Saturday, 23 June 2012

An Illustrated Guide to the Abortion Debate

This blog has never seen an abortion post before. Well, I've commented on the Genocide Awareness debacle at the university, but those comments were more to do with free speech and appropriate behaviour than on abortion itself. Seeing as approximately one in four pregnancies in Canada ends with abortion (and politicians wonder why we're having trouble maintaining our population), it seems to be an issue worth a blog post.

First, I should like to define some terms by displaying for you a continuum. Please note that, so far as I can tell, there is no official distinction between pro-life and anti-abortion as pertains to the abortion debate. Anti-abortion sounds nastier and pro-life sounds warmer, so people tend to use the one that best suits their rhetorical purpose. However, for the purposes of this post, I will be using the terms as follows:
Second, I should like to point out that people who say, "I wouldn't presume to tell a woman whether it is right or wrong to have an abortion," or "I am not in a position to judge the matter," are expressing a pro-choice stance. They are not presenting a compromise between pro-choice and anti-abortion, as they often seem to think they are doing. They are pro-choice. Pro-choice is a middle ground between anti-abortion and what I call "anti-baby", but beside the VHEMT, precious few people hold this stance and it doesn't often come into the discussion to warrant a middle ground. What is anti-baby?

Third, the proper way to frame the abortion debate is like this: Is this a human rights issue? If yes, whose rights are in danger - the mother's or the baby's? If it's not a human rights issue, why don't we just agree to disagree and stop roaring at each other about it? To put it another way, "If you don't like abortion, don't have one, but don't dictate to me what I should do."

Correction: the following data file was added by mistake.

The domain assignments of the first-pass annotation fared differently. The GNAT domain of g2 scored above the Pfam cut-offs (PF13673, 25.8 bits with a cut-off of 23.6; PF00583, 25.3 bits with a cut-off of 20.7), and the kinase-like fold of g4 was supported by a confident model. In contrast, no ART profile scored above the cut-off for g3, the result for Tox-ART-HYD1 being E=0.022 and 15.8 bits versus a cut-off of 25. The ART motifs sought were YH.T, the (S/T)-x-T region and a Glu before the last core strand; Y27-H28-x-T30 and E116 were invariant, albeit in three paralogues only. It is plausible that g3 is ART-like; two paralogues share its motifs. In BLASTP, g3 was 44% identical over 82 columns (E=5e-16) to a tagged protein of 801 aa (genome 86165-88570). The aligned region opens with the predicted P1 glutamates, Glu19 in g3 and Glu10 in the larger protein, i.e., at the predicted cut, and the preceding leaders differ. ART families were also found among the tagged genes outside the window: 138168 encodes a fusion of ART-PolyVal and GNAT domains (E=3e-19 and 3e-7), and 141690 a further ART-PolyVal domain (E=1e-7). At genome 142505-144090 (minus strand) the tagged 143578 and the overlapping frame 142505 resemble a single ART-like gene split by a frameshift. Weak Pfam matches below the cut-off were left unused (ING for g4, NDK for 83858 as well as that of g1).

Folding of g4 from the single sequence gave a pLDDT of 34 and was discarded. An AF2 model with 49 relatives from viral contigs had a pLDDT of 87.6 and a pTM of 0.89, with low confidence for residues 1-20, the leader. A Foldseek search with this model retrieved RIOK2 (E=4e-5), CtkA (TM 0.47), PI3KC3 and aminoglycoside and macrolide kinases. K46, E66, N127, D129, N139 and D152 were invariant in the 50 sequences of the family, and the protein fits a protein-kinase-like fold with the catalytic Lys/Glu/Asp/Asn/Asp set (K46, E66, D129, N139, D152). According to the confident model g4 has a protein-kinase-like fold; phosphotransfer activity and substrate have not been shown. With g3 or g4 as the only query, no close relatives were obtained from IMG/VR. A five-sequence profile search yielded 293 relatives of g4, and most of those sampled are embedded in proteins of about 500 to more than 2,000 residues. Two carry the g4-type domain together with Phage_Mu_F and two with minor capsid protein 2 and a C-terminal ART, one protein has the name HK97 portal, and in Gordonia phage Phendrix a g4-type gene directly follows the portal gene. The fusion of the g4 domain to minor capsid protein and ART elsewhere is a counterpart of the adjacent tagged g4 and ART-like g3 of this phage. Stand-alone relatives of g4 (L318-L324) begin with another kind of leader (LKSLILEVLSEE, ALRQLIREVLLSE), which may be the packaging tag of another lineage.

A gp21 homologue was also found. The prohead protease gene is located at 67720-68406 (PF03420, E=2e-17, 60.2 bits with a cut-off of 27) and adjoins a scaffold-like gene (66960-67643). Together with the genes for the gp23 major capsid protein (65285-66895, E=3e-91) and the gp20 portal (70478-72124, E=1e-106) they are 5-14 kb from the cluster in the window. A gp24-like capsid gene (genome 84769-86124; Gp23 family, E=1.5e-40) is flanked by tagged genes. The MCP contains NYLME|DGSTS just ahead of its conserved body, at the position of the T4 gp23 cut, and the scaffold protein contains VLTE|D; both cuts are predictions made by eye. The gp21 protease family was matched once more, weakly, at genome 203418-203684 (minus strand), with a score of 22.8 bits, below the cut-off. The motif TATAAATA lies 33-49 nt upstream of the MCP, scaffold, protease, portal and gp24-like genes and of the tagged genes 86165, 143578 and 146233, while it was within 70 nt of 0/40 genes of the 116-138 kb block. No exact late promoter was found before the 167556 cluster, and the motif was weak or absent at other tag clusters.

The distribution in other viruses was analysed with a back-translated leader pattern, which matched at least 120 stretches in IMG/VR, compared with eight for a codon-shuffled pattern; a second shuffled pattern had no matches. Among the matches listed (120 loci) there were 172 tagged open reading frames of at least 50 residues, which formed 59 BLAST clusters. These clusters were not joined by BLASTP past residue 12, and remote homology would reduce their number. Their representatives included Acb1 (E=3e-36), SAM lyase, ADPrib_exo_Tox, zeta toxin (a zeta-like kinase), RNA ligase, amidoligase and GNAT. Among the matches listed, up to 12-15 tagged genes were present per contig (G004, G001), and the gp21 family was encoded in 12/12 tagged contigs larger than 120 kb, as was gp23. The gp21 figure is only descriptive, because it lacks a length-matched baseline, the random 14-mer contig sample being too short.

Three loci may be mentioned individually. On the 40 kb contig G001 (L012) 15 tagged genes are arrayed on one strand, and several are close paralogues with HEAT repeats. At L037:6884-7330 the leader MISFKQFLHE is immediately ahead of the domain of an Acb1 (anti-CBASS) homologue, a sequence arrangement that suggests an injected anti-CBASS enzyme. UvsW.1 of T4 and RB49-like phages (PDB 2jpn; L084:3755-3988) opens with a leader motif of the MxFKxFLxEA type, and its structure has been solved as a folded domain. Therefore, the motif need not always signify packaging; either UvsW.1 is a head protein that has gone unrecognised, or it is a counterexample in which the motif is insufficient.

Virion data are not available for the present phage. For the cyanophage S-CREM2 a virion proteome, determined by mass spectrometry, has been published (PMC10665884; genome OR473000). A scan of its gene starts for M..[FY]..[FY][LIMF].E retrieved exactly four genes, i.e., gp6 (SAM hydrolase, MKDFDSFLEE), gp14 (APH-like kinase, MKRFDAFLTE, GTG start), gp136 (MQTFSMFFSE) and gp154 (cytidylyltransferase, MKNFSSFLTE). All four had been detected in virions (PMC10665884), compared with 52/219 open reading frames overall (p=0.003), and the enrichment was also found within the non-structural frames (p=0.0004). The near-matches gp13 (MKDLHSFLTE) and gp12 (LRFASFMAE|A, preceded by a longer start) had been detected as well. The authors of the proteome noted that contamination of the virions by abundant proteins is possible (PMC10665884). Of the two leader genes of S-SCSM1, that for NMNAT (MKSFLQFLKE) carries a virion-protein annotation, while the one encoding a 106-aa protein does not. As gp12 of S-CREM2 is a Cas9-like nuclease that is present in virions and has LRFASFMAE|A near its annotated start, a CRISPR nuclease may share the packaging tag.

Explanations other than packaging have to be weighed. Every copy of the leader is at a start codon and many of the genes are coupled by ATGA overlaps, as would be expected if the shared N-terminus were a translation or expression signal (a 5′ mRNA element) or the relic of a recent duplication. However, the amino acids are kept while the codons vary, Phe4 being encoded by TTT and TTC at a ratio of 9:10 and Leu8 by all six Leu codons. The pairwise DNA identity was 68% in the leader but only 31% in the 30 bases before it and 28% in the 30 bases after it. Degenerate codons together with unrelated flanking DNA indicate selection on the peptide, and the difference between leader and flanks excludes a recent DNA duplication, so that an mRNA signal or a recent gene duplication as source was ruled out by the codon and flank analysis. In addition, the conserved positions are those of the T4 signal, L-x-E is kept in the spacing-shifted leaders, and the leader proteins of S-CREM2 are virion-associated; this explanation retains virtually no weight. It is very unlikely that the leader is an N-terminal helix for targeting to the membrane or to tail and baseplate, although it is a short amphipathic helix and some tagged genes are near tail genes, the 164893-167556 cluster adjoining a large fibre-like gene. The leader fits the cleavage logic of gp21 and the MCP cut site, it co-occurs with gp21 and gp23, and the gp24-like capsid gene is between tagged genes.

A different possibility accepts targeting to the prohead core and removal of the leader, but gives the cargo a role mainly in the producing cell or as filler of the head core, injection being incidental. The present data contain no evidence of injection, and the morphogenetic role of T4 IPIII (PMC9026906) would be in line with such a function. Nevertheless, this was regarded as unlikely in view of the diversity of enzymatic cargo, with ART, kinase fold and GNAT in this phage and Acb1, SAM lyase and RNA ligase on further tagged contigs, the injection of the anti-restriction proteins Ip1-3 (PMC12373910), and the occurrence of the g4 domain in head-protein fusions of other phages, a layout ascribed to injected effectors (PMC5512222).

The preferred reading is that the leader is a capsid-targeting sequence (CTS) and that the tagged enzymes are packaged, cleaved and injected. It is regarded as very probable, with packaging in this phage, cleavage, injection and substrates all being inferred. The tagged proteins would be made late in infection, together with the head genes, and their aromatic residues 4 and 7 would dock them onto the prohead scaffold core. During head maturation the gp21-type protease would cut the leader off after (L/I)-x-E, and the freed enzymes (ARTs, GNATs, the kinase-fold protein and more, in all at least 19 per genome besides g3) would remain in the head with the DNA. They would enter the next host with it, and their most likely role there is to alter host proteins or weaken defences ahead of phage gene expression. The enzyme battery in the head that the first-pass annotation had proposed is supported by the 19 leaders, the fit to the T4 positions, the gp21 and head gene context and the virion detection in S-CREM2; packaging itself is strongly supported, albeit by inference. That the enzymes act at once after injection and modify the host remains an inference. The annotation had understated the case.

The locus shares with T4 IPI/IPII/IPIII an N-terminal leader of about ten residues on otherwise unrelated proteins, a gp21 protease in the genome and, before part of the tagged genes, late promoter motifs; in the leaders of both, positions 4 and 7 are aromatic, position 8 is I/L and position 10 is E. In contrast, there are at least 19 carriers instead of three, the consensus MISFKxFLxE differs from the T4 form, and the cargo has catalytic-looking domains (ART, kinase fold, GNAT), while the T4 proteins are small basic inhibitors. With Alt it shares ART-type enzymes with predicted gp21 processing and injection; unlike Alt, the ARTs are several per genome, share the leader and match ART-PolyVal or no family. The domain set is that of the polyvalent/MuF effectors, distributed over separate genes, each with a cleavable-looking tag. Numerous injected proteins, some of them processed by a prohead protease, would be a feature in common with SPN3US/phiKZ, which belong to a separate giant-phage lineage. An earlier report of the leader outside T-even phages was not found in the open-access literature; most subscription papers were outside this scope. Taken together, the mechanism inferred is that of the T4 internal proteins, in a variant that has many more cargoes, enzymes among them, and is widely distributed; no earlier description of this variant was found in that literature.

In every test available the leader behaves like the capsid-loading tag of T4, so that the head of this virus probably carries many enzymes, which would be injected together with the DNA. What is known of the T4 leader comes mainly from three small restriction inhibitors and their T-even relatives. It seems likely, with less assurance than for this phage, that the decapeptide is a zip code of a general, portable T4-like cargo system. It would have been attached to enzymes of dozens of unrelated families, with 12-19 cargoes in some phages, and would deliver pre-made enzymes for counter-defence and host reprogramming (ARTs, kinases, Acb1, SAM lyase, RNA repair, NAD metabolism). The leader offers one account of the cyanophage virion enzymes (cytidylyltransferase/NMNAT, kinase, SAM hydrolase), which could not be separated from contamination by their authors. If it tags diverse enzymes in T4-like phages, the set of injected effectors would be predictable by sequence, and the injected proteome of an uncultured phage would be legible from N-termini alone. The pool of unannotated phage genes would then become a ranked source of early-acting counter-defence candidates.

If it is a human rights issue, this "solution" just isn't sufficient. It's like saying, "If you don't like rape, don't rape anyone, but don't dictate to me what I should do." It's a pretty big deal if it's a human rights issue.

For my fourth comment, I'd like to point out that most people, at least people who have spines, believe abortion is a human rights issue. However, they often get derailed in debate by completely irrelevant arguments. If we are concerned with human rights, then most of the standard discussion about abortion can be thrown out. It doesn't matter if the girl was raped (well, yes it does, but not as it pertains to abortion), or if the child was the result of incest (well, again, yes it does, but not for our purposes) or whether the mother was using appropriate contraception or planned the entire pregnancy. It doesn't matter whether the child is going to be malformed or fat and healthy, or if it's male or female. It doesn't matter whether it will be unloved by the mother should it be born, or whether a thousand people are lined up waiting to adopt it. Seriously, don't bother arguing these points. You wouldn't argue that it's ok to rape a girl if that's the only way her rapist could love her, or that it was a down-syndrome girl being raped so it doesn't matter.  To put it succinctly (if I still can):